Recipe Highlight: Hy-Vee Responsible Choice Seafood for any Occasion

The following three recipes show how versatile Hy-Vee Responsible Choice seafood can be, whether you’re planning an intimate dinner party, snuggling up near a fire on a cool autumn night or planning a down-home party on the bayou.

Any of these dishes pair well with a dry white wine such as a buttery Chardonnay or Elk Grove Vineyards Pinot Noir Rose, 2013.


Herb-Panko Encrusted Baked Cod with Lemon Butter Sauce

Serves 4

All you need:

  • 4 (5 oz each) portions fresh or frozen cod fillets
  • 2 cups panko bread crumbs
  • 1 tbsp lemon pepper seasoning
  • 1 tbsp salt
  • 2 tbsp minced fresh thyme
  • 1 tbsp minced fresh parsley
  • 1 1/2 tbsp Dijon mustard, divided
  • 1 lemon, juiced
  • 1 (4 oz) stick unsalted butter, melted

All you do:

For the fish:

  1. Preheat the oven to 350 degrees. Spray a baking sheet with cooking spray.
  2. Pat dry the fish fillets with a paper towel and set aside.
  3. Mix the panko, lemon pepper seasoning, salt, thyme and parsley together in a rimmed dish.
  4. Spread one-fourth of the mustard on top of each fish fillet, then dip the top of fish into panko mixture, pressing lightly to help it stick. Transfer the fish to the baking sheet.
  5. Bake for about 15 to 20 minutes or until fish flakes easily with a fork.

For the sauce:

  1. While fish is baking, place the lemon juice in a small saucepan on medium heat.
  2. Melt the butter separately.
  3. Slowly drizzle the melted butter, a little at a time, into the lemon juice while whisking until slightly thick.
  4. Serve with the fish.

For a side dish, try whole grain brown rice and crispy kale.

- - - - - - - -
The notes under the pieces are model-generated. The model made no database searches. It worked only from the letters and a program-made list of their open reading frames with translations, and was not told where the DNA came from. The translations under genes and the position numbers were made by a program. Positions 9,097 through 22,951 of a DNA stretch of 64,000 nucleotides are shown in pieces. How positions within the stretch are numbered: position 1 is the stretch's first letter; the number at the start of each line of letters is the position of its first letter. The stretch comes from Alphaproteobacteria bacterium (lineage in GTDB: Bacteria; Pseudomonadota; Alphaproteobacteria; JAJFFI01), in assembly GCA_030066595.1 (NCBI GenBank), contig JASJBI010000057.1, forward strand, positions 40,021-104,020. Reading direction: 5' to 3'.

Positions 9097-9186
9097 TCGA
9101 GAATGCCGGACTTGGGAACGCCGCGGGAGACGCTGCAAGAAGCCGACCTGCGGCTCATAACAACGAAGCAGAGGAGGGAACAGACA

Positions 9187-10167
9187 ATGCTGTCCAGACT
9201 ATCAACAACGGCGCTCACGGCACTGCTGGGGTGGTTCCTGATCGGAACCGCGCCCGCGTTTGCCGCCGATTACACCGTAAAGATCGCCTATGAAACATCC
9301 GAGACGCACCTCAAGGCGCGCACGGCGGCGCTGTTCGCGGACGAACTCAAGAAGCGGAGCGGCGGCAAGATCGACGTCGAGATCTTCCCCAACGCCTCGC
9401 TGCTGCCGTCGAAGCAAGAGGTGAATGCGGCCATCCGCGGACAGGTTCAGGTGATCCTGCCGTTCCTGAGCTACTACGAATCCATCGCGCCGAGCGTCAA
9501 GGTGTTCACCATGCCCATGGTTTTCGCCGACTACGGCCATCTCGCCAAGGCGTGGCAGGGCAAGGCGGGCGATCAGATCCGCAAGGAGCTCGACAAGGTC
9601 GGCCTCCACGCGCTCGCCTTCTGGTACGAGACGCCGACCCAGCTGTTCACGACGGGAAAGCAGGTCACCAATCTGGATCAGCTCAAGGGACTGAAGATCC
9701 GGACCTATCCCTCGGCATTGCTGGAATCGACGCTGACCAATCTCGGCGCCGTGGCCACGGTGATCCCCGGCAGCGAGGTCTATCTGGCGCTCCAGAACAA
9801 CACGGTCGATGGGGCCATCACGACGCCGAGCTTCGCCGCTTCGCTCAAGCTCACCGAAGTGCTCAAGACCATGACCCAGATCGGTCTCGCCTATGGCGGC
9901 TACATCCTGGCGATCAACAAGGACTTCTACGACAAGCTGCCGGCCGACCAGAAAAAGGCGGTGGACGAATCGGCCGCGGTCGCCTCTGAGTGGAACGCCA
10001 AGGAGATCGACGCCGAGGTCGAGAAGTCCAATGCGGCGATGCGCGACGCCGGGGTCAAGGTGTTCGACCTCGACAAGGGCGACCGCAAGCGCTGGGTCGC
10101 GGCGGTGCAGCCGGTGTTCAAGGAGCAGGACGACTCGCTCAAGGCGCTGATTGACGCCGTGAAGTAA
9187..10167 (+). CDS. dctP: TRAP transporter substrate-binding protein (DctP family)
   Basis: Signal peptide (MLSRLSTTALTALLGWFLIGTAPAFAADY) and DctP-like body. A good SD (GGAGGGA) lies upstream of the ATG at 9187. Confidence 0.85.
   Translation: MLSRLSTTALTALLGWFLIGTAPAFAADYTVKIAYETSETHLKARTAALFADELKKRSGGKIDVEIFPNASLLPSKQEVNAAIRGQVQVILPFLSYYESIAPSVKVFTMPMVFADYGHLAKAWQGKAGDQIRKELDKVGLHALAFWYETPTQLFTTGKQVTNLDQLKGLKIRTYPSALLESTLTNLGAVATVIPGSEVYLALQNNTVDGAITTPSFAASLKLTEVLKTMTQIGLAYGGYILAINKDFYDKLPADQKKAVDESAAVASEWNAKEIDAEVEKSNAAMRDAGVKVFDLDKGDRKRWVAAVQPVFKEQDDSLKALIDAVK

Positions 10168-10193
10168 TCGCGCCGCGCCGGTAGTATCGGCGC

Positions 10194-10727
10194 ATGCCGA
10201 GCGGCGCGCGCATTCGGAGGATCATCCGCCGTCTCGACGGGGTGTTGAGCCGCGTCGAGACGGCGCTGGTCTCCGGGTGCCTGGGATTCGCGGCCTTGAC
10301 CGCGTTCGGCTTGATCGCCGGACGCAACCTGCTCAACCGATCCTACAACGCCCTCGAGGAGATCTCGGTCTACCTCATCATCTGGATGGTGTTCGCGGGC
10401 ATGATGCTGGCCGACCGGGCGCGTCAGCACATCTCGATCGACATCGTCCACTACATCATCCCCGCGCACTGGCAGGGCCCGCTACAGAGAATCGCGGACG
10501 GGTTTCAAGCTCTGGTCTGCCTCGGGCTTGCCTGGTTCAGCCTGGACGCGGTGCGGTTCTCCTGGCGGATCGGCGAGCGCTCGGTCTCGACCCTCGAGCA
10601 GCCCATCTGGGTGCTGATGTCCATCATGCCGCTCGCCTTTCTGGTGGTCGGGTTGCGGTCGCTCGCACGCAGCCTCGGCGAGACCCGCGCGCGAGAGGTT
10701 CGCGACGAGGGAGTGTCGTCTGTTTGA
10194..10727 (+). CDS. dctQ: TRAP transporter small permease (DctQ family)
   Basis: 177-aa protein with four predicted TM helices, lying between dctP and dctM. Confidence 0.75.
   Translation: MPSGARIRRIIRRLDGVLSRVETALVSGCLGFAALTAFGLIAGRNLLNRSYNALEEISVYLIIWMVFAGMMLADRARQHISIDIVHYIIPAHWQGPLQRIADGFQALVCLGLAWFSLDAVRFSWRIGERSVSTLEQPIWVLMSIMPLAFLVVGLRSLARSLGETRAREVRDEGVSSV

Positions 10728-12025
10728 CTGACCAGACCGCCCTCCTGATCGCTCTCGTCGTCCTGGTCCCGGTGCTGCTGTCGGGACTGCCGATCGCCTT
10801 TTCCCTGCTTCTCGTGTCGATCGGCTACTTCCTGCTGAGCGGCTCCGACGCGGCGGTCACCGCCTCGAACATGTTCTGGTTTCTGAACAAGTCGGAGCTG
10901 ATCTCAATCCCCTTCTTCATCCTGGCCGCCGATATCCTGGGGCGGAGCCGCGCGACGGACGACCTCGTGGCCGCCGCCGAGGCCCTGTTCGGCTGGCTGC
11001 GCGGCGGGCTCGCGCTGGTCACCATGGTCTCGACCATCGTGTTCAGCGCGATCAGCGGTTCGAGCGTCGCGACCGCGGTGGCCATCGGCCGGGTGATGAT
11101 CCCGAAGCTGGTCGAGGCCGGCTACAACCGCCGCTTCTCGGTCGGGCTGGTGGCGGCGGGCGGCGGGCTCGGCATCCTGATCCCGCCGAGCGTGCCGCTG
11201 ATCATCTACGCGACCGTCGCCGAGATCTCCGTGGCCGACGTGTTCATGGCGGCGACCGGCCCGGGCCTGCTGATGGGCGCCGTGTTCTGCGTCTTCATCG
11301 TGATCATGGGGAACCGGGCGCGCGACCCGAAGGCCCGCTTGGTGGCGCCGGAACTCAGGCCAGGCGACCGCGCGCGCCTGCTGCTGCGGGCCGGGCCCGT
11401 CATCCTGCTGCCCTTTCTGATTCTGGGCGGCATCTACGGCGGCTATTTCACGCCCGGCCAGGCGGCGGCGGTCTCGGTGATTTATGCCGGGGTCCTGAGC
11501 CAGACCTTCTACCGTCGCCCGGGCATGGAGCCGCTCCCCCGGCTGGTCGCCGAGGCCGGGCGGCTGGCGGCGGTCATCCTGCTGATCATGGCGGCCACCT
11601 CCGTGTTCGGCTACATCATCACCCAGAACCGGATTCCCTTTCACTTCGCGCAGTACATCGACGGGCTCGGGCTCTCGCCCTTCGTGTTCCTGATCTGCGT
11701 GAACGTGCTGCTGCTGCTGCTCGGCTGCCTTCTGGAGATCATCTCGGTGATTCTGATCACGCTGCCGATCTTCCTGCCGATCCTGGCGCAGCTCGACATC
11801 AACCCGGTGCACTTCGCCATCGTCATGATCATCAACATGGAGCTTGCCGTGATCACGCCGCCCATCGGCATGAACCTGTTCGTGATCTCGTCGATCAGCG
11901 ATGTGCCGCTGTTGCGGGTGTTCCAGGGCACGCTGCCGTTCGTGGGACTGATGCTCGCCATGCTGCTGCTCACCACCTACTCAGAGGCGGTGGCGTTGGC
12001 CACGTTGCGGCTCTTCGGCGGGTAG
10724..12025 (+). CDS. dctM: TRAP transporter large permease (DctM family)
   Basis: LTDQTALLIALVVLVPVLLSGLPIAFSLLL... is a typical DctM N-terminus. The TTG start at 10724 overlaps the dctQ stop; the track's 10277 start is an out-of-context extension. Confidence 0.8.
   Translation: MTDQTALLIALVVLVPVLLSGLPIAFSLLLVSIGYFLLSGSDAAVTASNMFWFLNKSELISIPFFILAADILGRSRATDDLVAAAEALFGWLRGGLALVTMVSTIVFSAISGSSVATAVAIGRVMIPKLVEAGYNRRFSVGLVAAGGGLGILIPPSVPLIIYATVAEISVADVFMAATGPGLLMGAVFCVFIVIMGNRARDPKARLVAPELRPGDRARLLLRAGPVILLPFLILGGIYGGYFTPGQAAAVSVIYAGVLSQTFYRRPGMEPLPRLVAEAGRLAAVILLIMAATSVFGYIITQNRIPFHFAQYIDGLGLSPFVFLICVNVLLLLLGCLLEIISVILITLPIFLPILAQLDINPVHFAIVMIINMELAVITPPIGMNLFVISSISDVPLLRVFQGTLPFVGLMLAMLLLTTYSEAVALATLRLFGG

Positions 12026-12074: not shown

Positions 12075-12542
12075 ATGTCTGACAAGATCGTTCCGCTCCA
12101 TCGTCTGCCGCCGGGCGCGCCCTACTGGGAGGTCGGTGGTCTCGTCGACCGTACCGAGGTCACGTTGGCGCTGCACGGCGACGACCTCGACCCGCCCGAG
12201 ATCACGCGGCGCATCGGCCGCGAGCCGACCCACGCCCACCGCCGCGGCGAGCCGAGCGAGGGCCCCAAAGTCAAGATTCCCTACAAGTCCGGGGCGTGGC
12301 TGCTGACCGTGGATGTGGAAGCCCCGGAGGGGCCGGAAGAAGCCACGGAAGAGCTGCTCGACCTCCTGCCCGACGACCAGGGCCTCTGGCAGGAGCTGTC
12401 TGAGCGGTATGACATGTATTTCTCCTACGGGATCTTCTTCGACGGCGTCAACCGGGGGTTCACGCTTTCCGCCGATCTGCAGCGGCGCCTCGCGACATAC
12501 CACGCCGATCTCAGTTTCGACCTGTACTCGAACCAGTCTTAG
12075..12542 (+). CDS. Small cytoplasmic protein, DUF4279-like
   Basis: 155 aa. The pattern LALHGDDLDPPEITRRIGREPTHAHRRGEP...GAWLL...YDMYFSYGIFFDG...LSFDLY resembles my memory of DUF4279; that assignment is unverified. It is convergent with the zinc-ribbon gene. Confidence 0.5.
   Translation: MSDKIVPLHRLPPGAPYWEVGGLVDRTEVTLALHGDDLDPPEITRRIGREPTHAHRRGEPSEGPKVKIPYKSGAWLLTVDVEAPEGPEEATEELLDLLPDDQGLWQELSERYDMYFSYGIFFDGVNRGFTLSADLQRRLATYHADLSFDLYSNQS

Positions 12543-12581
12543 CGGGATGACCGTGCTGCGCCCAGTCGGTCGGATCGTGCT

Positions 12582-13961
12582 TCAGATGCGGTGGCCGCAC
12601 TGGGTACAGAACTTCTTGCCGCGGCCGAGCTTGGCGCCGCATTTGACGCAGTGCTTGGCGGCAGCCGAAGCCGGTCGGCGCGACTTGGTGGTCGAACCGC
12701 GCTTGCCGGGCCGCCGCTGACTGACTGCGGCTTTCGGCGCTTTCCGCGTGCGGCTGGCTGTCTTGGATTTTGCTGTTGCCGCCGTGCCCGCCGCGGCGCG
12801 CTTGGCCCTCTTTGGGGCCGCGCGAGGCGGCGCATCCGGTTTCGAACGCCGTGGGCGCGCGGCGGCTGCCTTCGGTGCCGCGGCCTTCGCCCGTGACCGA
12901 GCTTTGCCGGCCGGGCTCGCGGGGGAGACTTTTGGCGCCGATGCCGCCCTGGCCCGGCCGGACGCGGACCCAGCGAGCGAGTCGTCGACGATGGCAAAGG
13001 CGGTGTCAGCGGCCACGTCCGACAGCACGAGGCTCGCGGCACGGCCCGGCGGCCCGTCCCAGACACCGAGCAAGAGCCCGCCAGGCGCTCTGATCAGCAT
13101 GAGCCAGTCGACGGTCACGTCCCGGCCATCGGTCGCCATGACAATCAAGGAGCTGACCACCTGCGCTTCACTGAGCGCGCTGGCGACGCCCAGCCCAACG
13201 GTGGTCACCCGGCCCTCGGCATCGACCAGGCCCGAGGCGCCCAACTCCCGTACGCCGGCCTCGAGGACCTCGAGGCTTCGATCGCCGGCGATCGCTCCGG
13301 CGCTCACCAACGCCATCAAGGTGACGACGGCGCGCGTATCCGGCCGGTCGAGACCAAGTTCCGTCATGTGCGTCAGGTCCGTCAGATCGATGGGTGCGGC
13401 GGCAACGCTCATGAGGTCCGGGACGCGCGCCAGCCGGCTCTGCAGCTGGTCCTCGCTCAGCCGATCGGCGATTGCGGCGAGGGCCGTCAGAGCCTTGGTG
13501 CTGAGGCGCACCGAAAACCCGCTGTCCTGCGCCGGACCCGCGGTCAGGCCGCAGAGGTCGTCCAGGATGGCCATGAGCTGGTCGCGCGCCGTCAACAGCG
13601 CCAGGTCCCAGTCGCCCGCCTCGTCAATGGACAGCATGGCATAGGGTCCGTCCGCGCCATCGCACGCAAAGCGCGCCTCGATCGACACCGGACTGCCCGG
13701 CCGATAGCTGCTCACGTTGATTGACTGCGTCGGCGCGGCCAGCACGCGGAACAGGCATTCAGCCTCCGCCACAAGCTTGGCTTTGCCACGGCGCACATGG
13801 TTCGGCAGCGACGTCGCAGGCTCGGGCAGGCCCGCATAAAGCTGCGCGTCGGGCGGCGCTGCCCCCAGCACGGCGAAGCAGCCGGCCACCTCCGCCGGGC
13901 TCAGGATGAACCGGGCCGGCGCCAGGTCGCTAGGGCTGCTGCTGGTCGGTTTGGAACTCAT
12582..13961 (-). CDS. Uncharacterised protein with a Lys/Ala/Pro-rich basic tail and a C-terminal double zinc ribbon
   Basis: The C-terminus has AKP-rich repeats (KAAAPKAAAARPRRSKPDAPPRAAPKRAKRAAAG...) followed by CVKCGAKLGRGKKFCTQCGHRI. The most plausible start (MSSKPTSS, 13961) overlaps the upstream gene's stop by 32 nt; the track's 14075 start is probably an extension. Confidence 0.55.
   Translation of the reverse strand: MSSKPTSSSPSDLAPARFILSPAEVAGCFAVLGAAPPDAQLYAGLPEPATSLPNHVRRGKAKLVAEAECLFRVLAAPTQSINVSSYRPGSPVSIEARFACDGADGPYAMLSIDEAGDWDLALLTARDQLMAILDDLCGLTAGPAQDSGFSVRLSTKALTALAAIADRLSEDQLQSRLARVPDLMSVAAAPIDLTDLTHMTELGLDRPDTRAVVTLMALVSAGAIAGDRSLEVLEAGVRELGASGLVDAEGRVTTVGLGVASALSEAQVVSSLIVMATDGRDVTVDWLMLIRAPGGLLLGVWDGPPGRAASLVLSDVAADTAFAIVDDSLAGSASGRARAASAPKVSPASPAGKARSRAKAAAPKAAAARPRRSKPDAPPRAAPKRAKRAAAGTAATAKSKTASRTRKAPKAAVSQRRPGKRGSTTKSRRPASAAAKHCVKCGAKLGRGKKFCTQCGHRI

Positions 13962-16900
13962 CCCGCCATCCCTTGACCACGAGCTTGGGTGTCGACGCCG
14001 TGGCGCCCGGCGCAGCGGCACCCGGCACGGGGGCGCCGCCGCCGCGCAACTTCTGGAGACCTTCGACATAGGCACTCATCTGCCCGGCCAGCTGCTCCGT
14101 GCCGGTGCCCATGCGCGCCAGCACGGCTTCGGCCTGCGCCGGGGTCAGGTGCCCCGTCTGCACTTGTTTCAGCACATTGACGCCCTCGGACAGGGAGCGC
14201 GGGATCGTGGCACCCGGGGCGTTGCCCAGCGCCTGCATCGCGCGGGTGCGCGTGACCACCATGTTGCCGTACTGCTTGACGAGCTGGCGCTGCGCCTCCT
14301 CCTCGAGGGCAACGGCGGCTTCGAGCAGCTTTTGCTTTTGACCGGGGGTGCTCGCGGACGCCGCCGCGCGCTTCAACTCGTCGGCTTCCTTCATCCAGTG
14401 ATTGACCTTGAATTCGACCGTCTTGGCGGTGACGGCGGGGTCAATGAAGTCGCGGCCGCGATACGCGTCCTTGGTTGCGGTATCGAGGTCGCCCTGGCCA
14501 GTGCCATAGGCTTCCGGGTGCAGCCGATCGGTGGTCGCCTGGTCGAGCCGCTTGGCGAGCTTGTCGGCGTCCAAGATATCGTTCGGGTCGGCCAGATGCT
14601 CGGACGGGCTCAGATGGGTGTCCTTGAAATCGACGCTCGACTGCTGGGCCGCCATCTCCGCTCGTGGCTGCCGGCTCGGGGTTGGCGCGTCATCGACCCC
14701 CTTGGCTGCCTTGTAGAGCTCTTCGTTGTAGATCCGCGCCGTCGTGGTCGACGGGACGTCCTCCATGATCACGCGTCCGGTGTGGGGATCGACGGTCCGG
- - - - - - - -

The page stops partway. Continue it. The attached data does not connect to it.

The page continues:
Seafood in Spicy Broth

All you need:

  • 1/4 cup Hy-Vee olive oil
  • 5 cloves garlic, minced
  • 1 bay leaf
  • 1 tsp dried crushed red pepper
  • 1 cup dry white wine, such as Secateurs Chenin Blanc 2012
  • 1 (28 oz) can diced tomatoes
  • 24 small littleneck clams (about 2 1/2 pounds total), scrubbed
  • 24 farmed mussels (about 1 1/2 pounds total), debearded
  • 20 Responsible Choice sea scallops, washed, dried and cut in half
  • 1/2 cup fresh torn basil leaves
  • French baguette from the Hy-Vee Bakery

All you do:

  1. Heat the oil in a heavy large pot over medium heat.
  2. Add the garlic, bay leaf and crushed red pepper, Sauté until the garlic is fragrant, for 1 minute.
  3. Add the wine and bring to a boil.
  4. Add the tomatoes and bring to a simmer. Simmer until the tomatoes begin to break down, about 5 minutes.
  5. Stir in the clams. Cover and cook for 5 minutes.
  6. Stir in the mussels. Cover and cook until the clams and mussels open, about 5 more minutes.
  7. Using tongs, transfer the opened shellfish equally to 4 serving bowls. Discard any shellfish that do not open.
  8. Add the scallops and basil to the simmering broth. Simmer for about 2 minutes.
  9. Discard the bay leaf. Divide the scallops and broth among the bowls and serve with warm bread.

Molly’s Blackened Catfish Recipe

This is one of those recipes that requires a little bit of prep work and some patience, but the wait and the work are definitely worth it. This is another example of how versatile this fish can be. Try this at your next feast for family or friends.

All you need:

  • 2 tbsp sweet paprika
  • 2 1/2 tbsp salt
  • 1 tsp onion powder
  • 1 1/2 tsp garlic powder
  • 1 1/2 tsp cayenne pepper
  • 2 tsp lemon pepper
  • 1 tsp whole thyme leaves
  • 4 catfish fillets (total weight about 3 pounds)
  • 1/2 stick (2 oz) butter
  • 1/4 cup Hy-Vee olive oil

All you do:

  1. Mix paprika, salt, onion powder, garlic powder, cayenne pepper and lemon pepper together. This can be made ahead and stored in a lidded jar.